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High residual prevalence of vaccine-serotype Streptococcus pneumoniae carriage after introduction of a pneumococcal conjugate vaccine in Malawi: a prospective serial cross-sectional study

Swarthout, T; Fronterre, C; Lourenço, J; Obolski, U; Gori, A; Bar-Zeev, N; Everett, D; ... Heyderman, R; + view all (2019) High residual prevalence of vaccine-serotype Streptococcus pneumoniae carriage after introduction of a pneumococcal conjugate vaccine in Malawi: a prospective serial cross-sectional study. BioRxiv: Cold Spring Harbor, NY, USA. Green open access

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Abstract

Background: There are concerns that pneumococcal conjugate vaccines (PCV) in sub-Saharan Africa sub-optimally interrupt vaccine-serotype (VT) carriage and transmission, thus limiting vaccine-induced direct and indirect protection. We assessed carriage in vaccinated children and unvaccinated populations targeted for indirect protection, between 4 and 7 years after Malawi’s November 2011 introduction of PCV13 using a 3+0 schedule. / Methods: We conducted sequential prospective nasopharyngeal carriage surveys between 2015 and 2018 among healthy PCV-vaccinated and PCV-unvaccinated children, and HIV-infected adults. VT and NVT carriage risk by age was analysed by non-linear regression. / Results: Among PCV-vaccinated children, there was a 24% relative reduction in carriage, from a mean 21.1% to 16.1%; 45% reduction among older PCV-unvaccinated children, from 27.5% to 15.2%; 41.4% reduction among adults, from 15.2% to 8.9%. Using carriage data from children 3.6 to 10 years of age, VT carriage probability declined with age, with a similar prevalence half-life among PCV-vaccinated (3.34 years) and PCV-unvaccinated (3.26 years) children. / Conclusion: Compared to high-income settings, the 3+0 schedule in Malawi has led to a sub-optimal reduction in pneumococcal carriage prevalence. This is likely due to recolonisation of vaccinated children with waning vaccine-induced immunity, resulting in insufficient indirect protection of unvaccinated populations. Rigorous evaluation of strategies to augment vaccine-induced control of carriage, including alternative schedules and catch-up campaigns is required.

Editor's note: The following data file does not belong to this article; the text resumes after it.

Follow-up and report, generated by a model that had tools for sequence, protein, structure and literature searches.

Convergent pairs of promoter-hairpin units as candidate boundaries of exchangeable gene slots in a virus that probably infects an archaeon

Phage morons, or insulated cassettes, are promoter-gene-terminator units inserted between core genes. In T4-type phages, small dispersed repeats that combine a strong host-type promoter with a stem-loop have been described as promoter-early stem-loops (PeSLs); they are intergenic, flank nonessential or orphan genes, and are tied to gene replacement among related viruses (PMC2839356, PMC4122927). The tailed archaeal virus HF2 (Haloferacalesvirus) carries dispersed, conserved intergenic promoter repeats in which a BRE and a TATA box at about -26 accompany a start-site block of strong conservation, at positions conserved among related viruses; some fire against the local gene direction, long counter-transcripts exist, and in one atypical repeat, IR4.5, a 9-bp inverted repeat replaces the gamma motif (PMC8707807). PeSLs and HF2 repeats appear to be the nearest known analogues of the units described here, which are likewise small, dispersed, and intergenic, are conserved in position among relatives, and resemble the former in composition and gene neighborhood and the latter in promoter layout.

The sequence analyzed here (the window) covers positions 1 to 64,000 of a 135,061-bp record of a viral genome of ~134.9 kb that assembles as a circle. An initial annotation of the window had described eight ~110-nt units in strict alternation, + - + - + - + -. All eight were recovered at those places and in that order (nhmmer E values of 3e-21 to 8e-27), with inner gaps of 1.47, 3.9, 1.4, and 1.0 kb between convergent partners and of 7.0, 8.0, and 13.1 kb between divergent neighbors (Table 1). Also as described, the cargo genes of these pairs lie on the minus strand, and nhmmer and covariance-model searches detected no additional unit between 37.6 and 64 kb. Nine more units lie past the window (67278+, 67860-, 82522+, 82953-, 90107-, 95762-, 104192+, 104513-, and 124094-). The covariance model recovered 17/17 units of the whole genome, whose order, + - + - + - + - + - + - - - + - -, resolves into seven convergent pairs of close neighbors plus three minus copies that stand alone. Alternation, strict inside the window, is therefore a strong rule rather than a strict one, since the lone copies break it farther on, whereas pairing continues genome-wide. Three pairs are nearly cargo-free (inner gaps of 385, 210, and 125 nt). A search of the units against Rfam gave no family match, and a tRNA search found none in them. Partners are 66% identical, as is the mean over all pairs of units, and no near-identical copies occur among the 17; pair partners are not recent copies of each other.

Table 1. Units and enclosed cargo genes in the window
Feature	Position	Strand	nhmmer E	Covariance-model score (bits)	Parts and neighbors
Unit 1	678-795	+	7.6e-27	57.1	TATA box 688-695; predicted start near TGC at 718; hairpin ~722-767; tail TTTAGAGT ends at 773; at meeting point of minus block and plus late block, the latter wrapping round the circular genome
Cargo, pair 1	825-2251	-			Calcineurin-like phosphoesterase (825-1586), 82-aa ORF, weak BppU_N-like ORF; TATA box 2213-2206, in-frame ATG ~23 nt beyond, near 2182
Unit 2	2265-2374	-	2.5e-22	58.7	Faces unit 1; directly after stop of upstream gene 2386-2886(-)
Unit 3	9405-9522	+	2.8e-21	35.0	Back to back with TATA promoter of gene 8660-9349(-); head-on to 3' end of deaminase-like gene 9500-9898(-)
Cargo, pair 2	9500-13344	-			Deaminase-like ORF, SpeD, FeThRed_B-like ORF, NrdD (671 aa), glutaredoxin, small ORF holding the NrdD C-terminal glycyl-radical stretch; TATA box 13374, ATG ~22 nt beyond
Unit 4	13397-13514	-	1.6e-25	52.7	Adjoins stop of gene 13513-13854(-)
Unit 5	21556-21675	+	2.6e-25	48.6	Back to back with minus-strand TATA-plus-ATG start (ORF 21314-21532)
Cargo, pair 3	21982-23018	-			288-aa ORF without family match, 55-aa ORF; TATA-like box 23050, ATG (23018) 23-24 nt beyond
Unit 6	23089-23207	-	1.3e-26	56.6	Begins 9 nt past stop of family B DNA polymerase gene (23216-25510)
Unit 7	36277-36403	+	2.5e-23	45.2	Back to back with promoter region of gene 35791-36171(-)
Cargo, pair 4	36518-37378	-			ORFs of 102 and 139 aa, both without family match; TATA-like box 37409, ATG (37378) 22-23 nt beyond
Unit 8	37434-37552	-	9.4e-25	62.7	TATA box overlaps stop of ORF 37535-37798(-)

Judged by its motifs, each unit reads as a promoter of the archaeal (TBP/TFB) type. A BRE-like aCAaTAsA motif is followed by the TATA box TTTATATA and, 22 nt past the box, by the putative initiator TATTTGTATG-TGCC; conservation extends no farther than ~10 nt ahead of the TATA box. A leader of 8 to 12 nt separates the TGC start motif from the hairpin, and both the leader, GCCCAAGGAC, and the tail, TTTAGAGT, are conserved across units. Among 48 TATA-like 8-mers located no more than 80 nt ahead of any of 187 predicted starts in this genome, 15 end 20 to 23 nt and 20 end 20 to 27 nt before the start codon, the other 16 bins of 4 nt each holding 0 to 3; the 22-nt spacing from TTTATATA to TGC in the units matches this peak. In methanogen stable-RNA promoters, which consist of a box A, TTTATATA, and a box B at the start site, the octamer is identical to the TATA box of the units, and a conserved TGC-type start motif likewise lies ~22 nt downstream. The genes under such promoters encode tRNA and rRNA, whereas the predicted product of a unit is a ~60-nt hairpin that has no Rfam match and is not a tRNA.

Type: Working / discussion paper
Title: High residual prevalence of vaccine-serotype Streptococcus pneumoniae carriage after introduction of a pneumococcal conjugate vaccine in Malawi: a prospective serial cross-sectional study
Open access status: An open access version is available from UCL Discovery
DOI: 10.1101/445999
Publisher version: https://doi.org/10.1101/445999
Language: English
Additional information: The copyright holder for this preprint is the author/funder, who has granted bioRxiv a license to display the preprint in perpetuity. It is made available under a CC-BY-NC-ND 4.0 International license (http://creativecommons.org/licenses/by-nc-nd/4.0/).
UCL classification: UCL
UCL > Provost and Vice Provost Offices > School of Life and Medical Sciences
UCL > Provost and Vice Provost Offices > School of Life and Medical Sciences > Faculty of Medical Sciences
UCL > Provost and Vice Provost Offices > School of Life and Medical Sciences > Faculty of Medical Sciences > Div of Infection and Immunity
URI: https://discovery.ucl.ac.uk/id/eprint/10088042
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